Tags: ISIS/Islamic State | Middle East | Trump Administration | War on Terrorism | air force | weapons | bombs

Air Force Runs Low on Bombs as Congress Fights Over Budget

Image: Air Force Runs Low on Bombs as Congress Fights Over Budget
(Ford Williams/AP)

By    |   Thursday, 21 September 2017 03:45 PM

The U.S. Air Force's weapons stockpile is getting low on bombs and missiles, so its leading civilian official is asking Congress to agree on new defense spending, Fox Business reported.

The ongoing airstrikes in the Middle East, with roughly 100 precision weapons dropped each day in Iraq and Syria, are straining the military's supply, and until Congress can agree on a budget, the Pentagon cannot increase production, according to Air Force Secretary Heather Wilson.

"We have a continuing resolution and budget uncertainty impacts our ability to work with industry and give them certainty on the amount that we're going to buy and ramping that up where we can," Wilson said Wednesday, at a conference sponsored by the Air Force Association in the suburbs of Washington, according to Defense One.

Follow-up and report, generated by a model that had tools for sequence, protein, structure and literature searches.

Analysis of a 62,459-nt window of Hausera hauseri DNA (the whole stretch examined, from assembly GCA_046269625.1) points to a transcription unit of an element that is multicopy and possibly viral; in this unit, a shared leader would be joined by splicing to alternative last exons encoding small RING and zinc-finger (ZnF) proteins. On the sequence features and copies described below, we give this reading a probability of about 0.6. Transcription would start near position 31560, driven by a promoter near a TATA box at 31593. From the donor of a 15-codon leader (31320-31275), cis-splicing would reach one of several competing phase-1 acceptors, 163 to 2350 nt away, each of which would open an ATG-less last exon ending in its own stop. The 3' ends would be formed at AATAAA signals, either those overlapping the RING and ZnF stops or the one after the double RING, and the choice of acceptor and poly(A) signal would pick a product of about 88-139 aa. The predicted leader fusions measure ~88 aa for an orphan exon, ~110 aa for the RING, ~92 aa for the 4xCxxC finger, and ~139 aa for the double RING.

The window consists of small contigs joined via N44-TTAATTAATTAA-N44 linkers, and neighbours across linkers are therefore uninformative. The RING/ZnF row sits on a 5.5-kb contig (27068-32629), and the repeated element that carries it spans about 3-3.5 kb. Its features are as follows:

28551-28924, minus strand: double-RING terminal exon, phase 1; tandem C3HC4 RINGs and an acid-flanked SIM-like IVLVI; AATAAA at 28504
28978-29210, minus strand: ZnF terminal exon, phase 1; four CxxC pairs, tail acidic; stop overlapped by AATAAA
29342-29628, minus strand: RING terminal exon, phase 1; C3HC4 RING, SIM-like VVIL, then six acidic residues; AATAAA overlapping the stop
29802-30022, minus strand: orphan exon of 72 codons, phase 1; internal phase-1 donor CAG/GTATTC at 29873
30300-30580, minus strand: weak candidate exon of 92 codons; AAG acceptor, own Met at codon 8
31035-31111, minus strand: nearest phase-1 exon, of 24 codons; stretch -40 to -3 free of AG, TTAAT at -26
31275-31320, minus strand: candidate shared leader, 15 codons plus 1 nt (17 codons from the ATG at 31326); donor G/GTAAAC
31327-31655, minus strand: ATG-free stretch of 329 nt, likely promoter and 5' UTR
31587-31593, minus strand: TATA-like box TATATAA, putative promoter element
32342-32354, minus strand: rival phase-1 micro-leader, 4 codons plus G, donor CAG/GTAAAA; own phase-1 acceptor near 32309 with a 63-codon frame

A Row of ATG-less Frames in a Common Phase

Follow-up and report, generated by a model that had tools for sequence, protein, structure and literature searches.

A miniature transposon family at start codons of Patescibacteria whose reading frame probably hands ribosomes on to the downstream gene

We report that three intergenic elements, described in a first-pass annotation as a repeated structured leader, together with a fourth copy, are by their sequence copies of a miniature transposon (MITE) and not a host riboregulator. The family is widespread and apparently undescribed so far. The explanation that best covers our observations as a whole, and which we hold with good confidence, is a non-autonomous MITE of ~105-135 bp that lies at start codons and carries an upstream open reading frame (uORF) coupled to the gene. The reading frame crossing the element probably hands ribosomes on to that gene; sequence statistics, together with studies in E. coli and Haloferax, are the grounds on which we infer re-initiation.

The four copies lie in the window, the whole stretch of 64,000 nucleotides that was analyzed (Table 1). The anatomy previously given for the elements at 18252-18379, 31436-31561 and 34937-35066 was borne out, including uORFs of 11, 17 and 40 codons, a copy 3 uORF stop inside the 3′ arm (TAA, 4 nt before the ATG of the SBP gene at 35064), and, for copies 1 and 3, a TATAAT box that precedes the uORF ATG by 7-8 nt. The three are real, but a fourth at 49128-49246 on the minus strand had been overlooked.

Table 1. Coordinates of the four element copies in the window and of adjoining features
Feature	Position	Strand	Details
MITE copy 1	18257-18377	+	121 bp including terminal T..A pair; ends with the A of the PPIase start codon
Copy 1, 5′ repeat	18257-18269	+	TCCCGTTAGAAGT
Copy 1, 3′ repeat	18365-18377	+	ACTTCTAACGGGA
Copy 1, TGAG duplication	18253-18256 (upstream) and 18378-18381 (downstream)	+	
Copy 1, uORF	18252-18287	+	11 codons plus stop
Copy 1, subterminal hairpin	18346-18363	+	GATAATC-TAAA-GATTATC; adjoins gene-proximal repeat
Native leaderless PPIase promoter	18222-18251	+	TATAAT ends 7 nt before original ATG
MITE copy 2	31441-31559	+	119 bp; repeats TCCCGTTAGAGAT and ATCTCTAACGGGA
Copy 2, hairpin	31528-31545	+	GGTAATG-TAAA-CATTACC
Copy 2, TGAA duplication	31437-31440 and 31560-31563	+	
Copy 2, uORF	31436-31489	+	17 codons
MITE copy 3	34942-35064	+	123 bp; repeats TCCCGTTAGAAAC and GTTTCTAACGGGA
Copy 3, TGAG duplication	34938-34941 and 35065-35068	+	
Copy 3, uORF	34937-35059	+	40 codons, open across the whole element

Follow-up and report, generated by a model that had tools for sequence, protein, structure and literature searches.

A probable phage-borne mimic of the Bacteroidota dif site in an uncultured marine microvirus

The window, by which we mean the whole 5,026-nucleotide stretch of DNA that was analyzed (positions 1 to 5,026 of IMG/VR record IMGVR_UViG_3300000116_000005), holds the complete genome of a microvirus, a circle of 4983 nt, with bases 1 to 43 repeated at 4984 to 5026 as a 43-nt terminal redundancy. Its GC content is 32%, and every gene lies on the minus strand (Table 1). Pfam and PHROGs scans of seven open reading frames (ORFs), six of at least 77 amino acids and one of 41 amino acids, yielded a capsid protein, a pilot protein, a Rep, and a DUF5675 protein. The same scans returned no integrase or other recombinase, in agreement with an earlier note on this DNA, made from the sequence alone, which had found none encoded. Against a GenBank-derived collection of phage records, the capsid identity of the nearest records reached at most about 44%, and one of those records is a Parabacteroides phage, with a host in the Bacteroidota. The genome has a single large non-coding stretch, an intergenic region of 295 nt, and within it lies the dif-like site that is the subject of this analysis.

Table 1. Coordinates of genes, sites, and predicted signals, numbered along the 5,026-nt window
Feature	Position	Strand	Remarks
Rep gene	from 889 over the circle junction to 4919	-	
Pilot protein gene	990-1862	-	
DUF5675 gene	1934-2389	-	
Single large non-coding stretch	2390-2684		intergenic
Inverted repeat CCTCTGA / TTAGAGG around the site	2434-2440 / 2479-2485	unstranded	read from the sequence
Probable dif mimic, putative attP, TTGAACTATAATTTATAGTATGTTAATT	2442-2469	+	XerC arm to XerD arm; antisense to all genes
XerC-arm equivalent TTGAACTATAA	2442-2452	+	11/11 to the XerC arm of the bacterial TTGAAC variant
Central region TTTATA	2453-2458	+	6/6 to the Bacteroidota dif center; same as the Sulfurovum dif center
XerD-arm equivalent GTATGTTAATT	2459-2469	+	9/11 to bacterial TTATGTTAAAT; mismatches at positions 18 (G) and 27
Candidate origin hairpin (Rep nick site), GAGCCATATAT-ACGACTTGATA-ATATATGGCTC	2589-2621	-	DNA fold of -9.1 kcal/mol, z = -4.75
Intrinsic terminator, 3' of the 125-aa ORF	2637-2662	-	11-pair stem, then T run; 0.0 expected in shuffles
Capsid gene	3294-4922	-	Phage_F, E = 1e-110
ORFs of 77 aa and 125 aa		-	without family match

"We have been engaged with industry directly probably at least four or five months ago, starting at the very senior level with our logistics and munitions people to see how we can expand the production capacity of precision weapons. The most important thing that we have to do now is get a budget."

The Air Force wants to increase production on Lockheed Martin's Hellfire missile and the Small Diameter Bomb, one version from Boeing and the other from Raytheon. In total, 98,532 bombs have been dropped against ISIS by the U.S. and its allies since 2014, according to U.S. Air Forces Central Command.

"If we're going to have a continuing resolution for three months or six months out of the 12-month year, how are they going to manage that," Wilson added. "It becomes a real problem when you're trying to create a relationship of trust to allow a company to do capital investment to provide for the needs of the warfighter."

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The U.S. Air Force's weapons stockpile is getting low on bombs and missiles, so its leading civilian official is asking Congress to agree on new defense spending, Fox Business reported.
air force, weapons, bombs, congress
291
2017-45-21
Thursday, 21 September 2017 03:45 PM
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